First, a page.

INDIANAPOLIS — Bone is a living tissue that gets stronger in response to the mechanical forces associated with exercise. Exercise has the greatest benefit on bone strength during growth; but do the benefits of exercise during youth persist with aging, when bones are at greater risk of breaking?
This question was addressed in a series of studies funded by the National Institutes of Health and published online this week in the Proceedings of the National Academy of Sciences by Stuart Warden, associate professor and associate dean for research in the Indiana University School of Health and Rehabilitation Sciences at Indiana University-Purdue University Indianapolis.
Comparing differences between the throwing and non-throwing arms of Major League Baseball players at different stages of their career to differences measured in non-baseball players, Warden and colleagues showed that half of the bone size and one-third of the bone strength benefits of exercise performed during youth were maintained lifelong.
“This is an impressive level of maintenance, particularly considering that the baseball players had not thrown, or in other words, exercised, in over 50 years and were aged in their mid-80s,” Warden said.
In contrast to the maintenance of the bone size and strength benefits, Warden found that the amount or mass of new bone added via exercise during youth was progressively and ultimately lost during aging. This observation came as no surprise to the investigators.
“While we have historically been encouraged to exercise during youth to put ‘more bone in the bank’ to lose during aging,” Warden said, “it is not energy efficient for the skeleton to maintain its mass in excess of its needs.”
How can exercise during youth have a lifelong benefit on bone strength, but not mass? Warden indicated this is due to exercise enhancing bone size. Like any load-bearing structure, bones can be strengthened not only by adding more material but by adding the new material where it is needed most.
“Exercise during youth adds extra layers to the outer surface of a bone to essentially make the bone bigger,” Warden said. “This gives you more ‘bang for the buck,’ as the addition of a small amount of new material to the outside of a bone results in a disproportionate increase in bone strength relative to the gain in mass.”
As bone loss during aging primarily occurs on the inside rather than outside of a bone, Warden noted that the bigger and consequent stronger bone created by exercise during youth has a means of lasting lifelong.
Does exercise later in life benefit the aging skeleton? Warden resoundingly says “Yes.” Warden addressed this question in their studies by testing retired Major League Baseball players who either completely ceased throwing when their professional career was over or continued to throw for an additional 20 years following their professional career. While continuing to throw during aging did not make the bones bigger, it did prevent the loss of bone material from the inside.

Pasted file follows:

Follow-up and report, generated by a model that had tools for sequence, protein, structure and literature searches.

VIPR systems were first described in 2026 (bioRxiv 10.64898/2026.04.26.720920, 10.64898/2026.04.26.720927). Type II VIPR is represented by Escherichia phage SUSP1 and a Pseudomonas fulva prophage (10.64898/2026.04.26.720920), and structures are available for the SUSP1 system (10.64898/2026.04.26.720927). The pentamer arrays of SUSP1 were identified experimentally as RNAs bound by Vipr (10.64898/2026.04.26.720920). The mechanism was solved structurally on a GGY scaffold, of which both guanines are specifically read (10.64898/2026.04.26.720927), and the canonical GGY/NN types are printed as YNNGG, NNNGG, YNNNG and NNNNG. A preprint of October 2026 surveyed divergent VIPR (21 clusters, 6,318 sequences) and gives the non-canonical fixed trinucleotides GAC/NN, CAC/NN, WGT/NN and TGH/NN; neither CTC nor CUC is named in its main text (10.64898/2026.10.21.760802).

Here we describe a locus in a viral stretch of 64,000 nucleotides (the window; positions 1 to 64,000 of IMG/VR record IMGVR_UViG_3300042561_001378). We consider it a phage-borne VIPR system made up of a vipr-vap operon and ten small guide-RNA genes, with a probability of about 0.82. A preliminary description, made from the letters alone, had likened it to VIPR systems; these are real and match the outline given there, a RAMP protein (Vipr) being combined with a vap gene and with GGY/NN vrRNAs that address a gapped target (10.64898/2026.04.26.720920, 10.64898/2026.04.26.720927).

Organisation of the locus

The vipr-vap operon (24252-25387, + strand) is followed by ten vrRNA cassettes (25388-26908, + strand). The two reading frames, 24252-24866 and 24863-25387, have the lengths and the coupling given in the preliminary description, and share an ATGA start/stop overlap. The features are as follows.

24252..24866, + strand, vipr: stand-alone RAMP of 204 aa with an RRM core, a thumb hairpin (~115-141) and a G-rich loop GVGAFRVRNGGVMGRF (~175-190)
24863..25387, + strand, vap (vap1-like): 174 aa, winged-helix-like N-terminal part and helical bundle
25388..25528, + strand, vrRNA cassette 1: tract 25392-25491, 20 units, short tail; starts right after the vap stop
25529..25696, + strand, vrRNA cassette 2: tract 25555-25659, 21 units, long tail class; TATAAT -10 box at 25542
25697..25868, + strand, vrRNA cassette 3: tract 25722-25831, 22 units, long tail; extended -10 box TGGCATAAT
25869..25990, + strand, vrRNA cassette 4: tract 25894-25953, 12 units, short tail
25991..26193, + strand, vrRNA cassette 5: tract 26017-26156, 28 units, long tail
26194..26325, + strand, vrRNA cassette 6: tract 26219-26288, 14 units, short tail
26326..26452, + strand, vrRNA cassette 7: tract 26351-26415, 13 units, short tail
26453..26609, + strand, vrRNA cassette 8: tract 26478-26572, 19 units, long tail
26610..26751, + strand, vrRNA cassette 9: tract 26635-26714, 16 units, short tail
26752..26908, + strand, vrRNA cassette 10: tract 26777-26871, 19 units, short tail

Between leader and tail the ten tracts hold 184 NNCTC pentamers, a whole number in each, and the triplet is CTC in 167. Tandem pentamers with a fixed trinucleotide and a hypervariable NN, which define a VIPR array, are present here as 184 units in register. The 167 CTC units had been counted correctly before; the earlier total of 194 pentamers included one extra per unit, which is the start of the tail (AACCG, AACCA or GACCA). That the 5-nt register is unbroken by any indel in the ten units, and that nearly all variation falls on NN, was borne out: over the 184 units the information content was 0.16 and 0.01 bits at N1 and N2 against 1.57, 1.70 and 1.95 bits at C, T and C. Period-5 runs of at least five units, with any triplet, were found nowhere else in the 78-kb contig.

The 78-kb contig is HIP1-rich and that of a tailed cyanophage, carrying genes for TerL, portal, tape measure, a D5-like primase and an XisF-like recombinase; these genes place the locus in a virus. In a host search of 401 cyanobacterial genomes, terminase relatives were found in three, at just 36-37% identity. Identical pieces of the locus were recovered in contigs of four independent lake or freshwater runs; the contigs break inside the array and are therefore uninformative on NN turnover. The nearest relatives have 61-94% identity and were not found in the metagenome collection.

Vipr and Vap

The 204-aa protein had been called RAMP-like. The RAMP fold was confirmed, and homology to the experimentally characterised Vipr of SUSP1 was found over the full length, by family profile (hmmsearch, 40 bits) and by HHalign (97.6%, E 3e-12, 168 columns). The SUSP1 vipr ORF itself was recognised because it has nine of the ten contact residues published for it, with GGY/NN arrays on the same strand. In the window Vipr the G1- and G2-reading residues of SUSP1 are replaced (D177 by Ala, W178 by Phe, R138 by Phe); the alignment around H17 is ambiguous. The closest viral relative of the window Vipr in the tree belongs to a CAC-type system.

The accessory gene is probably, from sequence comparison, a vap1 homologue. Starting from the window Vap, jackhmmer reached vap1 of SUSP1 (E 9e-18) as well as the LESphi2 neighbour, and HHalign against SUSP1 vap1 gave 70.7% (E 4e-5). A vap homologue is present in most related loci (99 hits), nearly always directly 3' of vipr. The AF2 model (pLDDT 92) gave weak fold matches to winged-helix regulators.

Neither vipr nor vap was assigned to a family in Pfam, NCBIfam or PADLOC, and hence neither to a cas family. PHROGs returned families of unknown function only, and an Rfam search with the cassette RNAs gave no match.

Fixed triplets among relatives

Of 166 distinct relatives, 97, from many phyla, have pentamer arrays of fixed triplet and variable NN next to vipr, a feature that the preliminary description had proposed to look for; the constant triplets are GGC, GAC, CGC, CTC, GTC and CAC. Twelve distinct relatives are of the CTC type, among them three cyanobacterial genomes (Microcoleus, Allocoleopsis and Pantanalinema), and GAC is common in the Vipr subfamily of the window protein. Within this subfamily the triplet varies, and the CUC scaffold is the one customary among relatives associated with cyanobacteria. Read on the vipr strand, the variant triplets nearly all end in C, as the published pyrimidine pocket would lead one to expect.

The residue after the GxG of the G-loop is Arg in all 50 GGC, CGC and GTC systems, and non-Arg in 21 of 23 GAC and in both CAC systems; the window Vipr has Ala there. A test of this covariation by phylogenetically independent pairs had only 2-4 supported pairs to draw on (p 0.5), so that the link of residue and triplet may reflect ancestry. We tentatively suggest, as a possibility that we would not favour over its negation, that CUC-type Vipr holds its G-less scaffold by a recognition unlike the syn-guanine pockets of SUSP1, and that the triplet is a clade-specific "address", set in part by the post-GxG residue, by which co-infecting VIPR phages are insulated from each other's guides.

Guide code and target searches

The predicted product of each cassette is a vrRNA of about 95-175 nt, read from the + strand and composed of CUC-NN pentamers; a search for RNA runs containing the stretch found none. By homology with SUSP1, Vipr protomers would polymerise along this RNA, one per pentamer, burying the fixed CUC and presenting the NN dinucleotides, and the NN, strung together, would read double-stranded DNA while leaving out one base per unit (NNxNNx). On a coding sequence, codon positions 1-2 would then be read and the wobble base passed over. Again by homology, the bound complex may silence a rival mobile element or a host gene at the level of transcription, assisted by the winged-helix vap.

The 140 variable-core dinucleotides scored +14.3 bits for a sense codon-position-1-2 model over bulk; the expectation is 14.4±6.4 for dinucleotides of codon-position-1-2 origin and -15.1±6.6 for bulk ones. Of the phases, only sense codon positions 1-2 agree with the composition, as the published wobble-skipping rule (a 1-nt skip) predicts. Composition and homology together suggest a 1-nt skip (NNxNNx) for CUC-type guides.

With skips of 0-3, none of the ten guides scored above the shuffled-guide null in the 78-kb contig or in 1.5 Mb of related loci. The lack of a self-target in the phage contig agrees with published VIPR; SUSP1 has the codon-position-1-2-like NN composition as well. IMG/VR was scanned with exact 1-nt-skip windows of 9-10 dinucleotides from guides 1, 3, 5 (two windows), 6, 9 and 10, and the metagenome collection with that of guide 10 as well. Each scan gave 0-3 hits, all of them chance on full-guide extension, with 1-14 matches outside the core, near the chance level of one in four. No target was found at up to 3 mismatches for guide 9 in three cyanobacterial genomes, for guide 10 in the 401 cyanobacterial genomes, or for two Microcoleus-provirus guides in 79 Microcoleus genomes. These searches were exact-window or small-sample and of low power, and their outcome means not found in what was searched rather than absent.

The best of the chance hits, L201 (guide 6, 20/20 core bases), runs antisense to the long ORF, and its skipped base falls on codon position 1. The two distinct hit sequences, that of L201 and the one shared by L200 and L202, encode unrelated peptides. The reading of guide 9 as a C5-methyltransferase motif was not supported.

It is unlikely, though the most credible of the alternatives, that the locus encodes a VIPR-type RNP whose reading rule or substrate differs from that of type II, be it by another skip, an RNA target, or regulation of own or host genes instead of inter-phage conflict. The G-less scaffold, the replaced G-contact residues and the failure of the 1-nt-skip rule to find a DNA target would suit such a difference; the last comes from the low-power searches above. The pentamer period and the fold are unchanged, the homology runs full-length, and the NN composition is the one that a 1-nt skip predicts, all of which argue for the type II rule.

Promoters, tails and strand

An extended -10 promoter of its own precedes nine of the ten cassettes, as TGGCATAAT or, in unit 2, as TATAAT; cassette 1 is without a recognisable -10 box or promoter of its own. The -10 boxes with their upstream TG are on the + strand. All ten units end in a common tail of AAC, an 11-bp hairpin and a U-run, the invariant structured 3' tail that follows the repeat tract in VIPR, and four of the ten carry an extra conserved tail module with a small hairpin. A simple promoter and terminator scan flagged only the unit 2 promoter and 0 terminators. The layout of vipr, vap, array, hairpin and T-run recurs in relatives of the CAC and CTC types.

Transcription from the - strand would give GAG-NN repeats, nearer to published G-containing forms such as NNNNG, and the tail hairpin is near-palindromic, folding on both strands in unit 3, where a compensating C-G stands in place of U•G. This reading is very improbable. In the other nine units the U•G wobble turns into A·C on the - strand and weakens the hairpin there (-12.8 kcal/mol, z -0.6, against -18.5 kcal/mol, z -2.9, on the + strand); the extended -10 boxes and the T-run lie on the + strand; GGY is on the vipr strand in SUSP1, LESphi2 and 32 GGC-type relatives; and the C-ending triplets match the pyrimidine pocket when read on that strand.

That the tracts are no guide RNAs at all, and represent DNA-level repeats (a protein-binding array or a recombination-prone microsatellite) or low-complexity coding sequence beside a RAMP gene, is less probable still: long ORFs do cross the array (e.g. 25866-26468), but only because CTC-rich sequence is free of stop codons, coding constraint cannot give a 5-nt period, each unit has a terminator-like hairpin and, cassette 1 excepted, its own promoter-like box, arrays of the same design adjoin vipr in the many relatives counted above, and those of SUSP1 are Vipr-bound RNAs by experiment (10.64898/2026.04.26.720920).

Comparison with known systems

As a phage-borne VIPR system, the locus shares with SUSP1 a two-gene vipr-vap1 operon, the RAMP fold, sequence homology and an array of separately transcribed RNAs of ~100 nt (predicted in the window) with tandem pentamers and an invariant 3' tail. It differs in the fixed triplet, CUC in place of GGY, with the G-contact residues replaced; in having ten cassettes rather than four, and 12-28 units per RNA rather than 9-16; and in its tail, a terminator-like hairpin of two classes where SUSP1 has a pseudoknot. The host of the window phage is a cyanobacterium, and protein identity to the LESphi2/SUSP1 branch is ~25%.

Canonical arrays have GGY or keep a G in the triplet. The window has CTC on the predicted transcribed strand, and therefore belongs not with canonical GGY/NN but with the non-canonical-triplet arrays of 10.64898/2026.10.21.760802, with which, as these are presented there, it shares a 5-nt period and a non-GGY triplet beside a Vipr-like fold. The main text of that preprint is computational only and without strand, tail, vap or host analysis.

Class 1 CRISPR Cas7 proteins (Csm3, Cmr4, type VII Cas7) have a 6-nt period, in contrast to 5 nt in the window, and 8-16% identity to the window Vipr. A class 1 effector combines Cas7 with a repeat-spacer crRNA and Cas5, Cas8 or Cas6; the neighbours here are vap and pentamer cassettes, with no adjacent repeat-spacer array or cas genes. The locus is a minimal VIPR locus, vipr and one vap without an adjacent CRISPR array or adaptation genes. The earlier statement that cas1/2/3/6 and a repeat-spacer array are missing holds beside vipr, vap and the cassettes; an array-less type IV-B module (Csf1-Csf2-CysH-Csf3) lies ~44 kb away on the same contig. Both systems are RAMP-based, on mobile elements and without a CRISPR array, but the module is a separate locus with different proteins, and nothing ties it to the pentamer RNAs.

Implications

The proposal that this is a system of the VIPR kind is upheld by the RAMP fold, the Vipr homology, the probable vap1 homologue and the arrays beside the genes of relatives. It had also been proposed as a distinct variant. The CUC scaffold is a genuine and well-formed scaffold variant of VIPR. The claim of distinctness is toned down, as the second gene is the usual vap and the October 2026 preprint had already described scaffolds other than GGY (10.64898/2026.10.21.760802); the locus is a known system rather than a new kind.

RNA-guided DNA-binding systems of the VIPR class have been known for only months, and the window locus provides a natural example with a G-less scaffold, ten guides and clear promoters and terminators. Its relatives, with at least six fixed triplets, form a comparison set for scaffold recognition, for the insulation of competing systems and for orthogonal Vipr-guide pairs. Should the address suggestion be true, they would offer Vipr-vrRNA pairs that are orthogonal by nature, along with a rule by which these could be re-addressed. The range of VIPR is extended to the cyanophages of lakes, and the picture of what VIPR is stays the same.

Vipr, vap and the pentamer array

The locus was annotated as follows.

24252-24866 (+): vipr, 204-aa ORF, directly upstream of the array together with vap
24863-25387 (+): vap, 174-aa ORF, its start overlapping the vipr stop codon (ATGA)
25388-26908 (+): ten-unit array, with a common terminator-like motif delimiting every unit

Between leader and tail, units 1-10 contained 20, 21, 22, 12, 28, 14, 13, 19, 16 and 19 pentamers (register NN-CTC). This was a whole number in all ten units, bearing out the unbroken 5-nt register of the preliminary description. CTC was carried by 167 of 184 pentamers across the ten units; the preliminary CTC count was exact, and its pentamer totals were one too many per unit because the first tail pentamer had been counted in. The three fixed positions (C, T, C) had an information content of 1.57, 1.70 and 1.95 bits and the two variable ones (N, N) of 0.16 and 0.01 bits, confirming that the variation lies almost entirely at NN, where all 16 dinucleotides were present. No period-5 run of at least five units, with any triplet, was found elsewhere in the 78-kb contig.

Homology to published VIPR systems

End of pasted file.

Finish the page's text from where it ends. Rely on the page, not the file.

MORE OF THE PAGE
“The net result was the maintenance of even more of the strength benefit of exercise completed during youth, with baseball players who continued to throw during aging maintaining over 50 percent of the bone strength benefit of exercise performed in youth,” Warden said.
Ultimately, Warden said, the data indicate that the old saying of “use or lose it” does not necessarily apply to the skeleton, and that exercise should be strongly promoted during growth to promote lifelong bone health. In particular, he encourages kids to perform at least 60 minutes of exercise daily, with at least a third of that time consisting of weight-bearing activities that expose the skeleton to impact forces in multiple directions such as running, jump rope, basketball, volleyball, tennis, soccer and hopscotch. Similarly, Warden said, the data indicate that exercise should be continued as we age to maintain as much of the benefits of exercise generated during youth, as well as to maintain muscle strength and balance, and reduce fall risk.
Co-authors of the paper are Warden; Sara Mantila Roosa and Andrea Hurd, both members of the Center for Translational Musculoskeletal Research in the IU School of Health and Rehabilitation Sciences; Robyn Fuchs of the Department of Physical Therapy in the IU School of Health and Rehabilitation Sciences; Mariana Kersh and Marcus Pandy of the Department of Mechanical Engineering at the University of Melbourne, Australia; and, Glenn Fleisig of the American Sports Medicine Institute.
This work was supported by the National Institute of Arthritis and Musculoskeletal and Skin Diseases (AR057740), part of the National Institutes of Health. The content of the study is solely the responsibility of the authors and does not necessarily represent the official views of the National Institutes of Health.
The IU School of Health and Rehabilitation Sciences is on the IUPUI campus in downtown Indianapolis and houses five major health science programs: Health Sciences, Nutrition and Dietetics, Occupational Therapy, Physical Therapy, and Physician Assistant Studies. Current research labs within the school include the Center for Translational Musculoskeletal Research, Advanced Neurorehabilitation Research Lab, Pulmonary Physiology Lab, Community Mobility and Participation in Society, Silver Hoosiers Health and Aging Research Lab, and Driving Safety and Rehabilitation Research Lab.